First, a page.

General and administrative. General and administrative expenses totaled approximately $15.6 million and $17.1 million for the years ended December 31, 2015 and 2014, respectively. The decrease in general and administrative expenses was primarily the result of a reduction in legal, accounting and other professional services necessary to account and report on a declining portfolio of assets due to asset sales as a result of our exit strategy, as described above in “Our Exit Strategy.”

41


Ground leases and permit fees. For the years ended December 31, 2015 and 2014, ground lease and land permit fees were approximately $10.3 million and $10.2 million, respectively, of which approximately $6.7 million and $6.8 million, respectively, represented the corresponding equivalent revenues in rental income from operating leases.
Acquisition fees and costs. Acquisition fees were paid to our Advisor for services in connection with the selection, purchase, development or construction of real property and were generally 3% of gross offering proceeds, including proceeds from our distribution reinvestment plan. Acquisition fees and costs totaled approximately $0.7 million for the year ended December 31, 2014. We did not incur acquisition fees during the year ended December 31, 2015 as we did not purchase any real estate properties during 2015 and we suspended the distribution reinvestment plan in September 2014.
Other operating expenses. Other operating expenses totaled approximately $6.9 million and $5.3 million for the years ended December 31, 2015 and 2014, respectively. The increase is primarily attributable to an increase in repair and maintenance expenses related to our properties subject to operating leases.
Bad debt expense. Bad debt expense was approximately $8.5 million and $0.03 million for the years ended December 31, 2015 and 2014, respectively. The increase was related to one of our ski tenants with two leases on properties in the Pacific-Northwest that experienced financial difficulties as a result of lower operating results from the low levels of snow accompanied by unusually warm weather during the 2014/2015 ski season. As described above in “General—Tenant Workouts, Bad Debt Expense and Loan Provisions,” due to improved snowfall levels, this tenant has paid rental amounts related to the ski season that started in the fourth quarter of 2015.
Loan loss provision. Loan loss provisions were approximately $9.3 million and $3.3 million for the years ended December 31, 2015 and 2014, respectively. During the year ended December 31, 2015, as described above in “General—Loan Foreclosures, Tenant Workouts, Provisions and Impairments,” we recorded loan loss provisions to record our mortgage receivables at their net realizable values. During the year ended 2014, we recorded a loan loss provision of approximately $3.3 million on one of our mortgage and other notes receivable with one of our golf operators, as a result of uncertainty related to the collectability of the note receivable. We collected the remaining $1.3 million balance of the note as full satisfaction of the note during 2014.
Loss on lease terminations. Loss on lease terminations was approximately $8.9 million for the years ended December 31, 2014. As described above in “General—Loan Foreclosures, Tenant Workouts, Provisions and Impairments,” one of our ski tenants on two leases experienced financial difficulties and was unable to pay rent in 2015 due to low levels of snow accompanied by unusually warm weather. In connection with the ongoing financial difficulties, we recorded a loss on lease termination (for the write off of straight-line rents) of approximately $8.9 million during the year ended December 31, 2014. We did not record any (gain) loss on lease terminations during the year ended December 31, 2015.
Impairment provisions. Impairment provisions were approximately $124.9 million and $30.4 million for the years ended December 31, 2015 and 2014, respectively. Impairment provisions recorded during the year ended December 31, 2015, related primarily to several attractions and ski and mountain lifestyle properties to write down their book values to estimated fair values based on discounted cash flows and residual values, as described further under “General—Loan Foreclosures, Tenant Workouts, Provisions and Impairments.” Impairment provisions recorded during the year ended December 31, 2014, related to one of our attractions properties and our unimproved land to write down the book values related to these properties to estimated sales prices from third party buyers less costs to sell.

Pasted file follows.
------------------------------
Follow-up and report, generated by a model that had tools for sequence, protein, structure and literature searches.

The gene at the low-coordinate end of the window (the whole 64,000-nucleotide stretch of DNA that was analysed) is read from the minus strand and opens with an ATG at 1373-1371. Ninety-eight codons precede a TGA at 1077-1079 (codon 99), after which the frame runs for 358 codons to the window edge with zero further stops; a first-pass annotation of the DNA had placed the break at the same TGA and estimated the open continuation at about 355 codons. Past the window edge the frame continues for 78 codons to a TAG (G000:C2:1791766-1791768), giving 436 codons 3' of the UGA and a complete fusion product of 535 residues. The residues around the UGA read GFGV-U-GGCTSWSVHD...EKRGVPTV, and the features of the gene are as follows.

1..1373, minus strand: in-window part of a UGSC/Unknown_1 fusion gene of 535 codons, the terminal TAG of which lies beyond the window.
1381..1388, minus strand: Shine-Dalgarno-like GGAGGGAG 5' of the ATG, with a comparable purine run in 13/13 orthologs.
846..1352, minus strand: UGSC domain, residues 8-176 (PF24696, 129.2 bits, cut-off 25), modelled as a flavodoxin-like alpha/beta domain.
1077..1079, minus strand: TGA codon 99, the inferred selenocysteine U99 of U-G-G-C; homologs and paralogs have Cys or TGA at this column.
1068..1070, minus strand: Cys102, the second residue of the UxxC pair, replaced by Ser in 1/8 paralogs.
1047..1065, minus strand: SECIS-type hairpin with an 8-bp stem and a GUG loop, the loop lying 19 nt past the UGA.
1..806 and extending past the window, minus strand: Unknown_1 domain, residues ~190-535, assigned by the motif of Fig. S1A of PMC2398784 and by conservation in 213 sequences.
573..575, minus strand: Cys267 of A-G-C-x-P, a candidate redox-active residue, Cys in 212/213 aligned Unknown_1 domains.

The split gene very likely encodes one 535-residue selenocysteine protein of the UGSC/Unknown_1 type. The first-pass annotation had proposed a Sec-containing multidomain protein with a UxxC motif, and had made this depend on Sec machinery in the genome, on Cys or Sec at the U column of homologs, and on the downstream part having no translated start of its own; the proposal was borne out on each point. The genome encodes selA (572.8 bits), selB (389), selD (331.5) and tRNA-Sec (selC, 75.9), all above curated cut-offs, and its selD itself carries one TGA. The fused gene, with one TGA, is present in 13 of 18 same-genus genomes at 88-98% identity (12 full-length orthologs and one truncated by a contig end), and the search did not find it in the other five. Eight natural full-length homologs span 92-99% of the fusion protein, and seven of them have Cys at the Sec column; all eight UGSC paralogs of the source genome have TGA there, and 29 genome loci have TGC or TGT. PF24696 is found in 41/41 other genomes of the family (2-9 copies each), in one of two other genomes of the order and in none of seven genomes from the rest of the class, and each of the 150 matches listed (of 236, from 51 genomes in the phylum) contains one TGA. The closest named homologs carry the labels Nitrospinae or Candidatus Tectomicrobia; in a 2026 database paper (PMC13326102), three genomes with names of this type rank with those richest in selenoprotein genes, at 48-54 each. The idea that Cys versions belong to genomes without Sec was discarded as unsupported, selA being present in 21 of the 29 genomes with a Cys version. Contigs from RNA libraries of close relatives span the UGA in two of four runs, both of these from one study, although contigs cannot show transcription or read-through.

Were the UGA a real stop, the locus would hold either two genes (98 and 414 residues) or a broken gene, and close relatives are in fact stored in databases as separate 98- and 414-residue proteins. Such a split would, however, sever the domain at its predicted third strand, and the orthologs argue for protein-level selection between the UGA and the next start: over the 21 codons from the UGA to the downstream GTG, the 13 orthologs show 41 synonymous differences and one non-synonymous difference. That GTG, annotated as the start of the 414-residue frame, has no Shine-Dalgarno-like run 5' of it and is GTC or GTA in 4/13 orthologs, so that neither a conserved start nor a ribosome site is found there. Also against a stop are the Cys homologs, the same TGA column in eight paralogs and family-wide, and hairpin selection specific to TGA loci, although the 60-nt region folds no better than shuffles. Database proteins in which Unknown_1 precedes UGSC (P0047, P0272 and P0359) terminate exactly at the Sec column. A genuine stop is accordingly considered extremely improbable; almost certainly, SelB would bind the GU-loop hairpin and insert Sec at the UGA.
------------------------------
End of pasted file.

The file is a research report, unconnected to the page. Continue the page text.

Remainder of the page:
Depreciation and amortization. Depreciation and amortization expense was approximately $83.5 million and $98.7 million for the years ended December 31, 2015 and 2014, respectively. The decrease year-over-year was primarily due to discontinuing the recognition of depreciation and amortization expense upon the determination of recording the properties as real estate held for sale.
Interest and other income. Interest and other income was approximately $2.2 million and $0.8 million for the years ended December 31, 2015 and 2014, respectively. The increase in interest and other income was primarily due to gain on insurance proceeds of approximately $0.8 million received from insurance claims as described above in “Sources of Liquidity and Capital Resources—Proceeds from Insurance—Hurricane, Storm and Other Damage” and an increase in interest income due to maintaining larger cash balances from holding net sales proceeds prior to the special distribution paid in December of 2015.
Interest expense and loan cost amortization. Interest expense and loan cost amortization was approximately $27.0 million and $57.3 million for the years ended December 31, 2015 and 2014, respectively. The decrease was primarily attributable to the repayment of approximately $621.9 million of indebtedness, excluding indebtedness related to properties classified as discontinued operations, subsequent to December 31, 2014.
Loss on extinguishment of debt. Losses on extinguishment of debt was approximately $21.1 million and $1.4 million for the years ended December 31, 2015 and 2014, respectively. The increase in loss on extinguishment of debt related to the early repayments of our senior unsecured notes and certain loans during 2015. Loss on extinguishment of debt included legal fees incurred with the transaction, prepayment penalty fees and the write-off of unamortized bond issue costs and loan costs.

42


Equity in earnings (loss) of unconsolidated entities. The following table summarizes equity in earnings from our unconsolidated entities (in thousands):
 
 
For the Year Ended
December 31,
 
 
 
 
 
 
2015
 
2014
 
$ Change
 
% Change
DMC Partnership
 
$
2,475

 
$
8,519

 
$
(6,044
)
 
(70.95
)%
Intrawest Venture
 
3,678

 
(766
)
 
4,444

 
(580.16
)%
Total
 
$
6,153

 
$
7,753

 
$
(1,600
)
 
(20.64
)%
Equity in earnings of unconsolidated entities was approximately $6.2 million and $7.8 million for the years ended December 31, 2015 and 2014, respectively. The decrease was primarily due to the sale of our interest in the DMC Partnership in April 2015. This decrease was offset by improved results from our Intrawest Venture in 2015 due to the fact that during 2014, we recorded catch up depreciation and amortization expense due to the reclassification of six Intrawest village retail properties from assets held for sale to held and used.
Income tax provision. Income tax provision was approximately $9.8 million for the year ended December 31, 2015. The income tax provision was recorded as we did not satisfy the gross income tests applicable to REITs, as further described above under "Uses of Liquidity and Capital Resources – Provision for Income Tax." We did not record any income tax provision for the year ended December 31, 2014.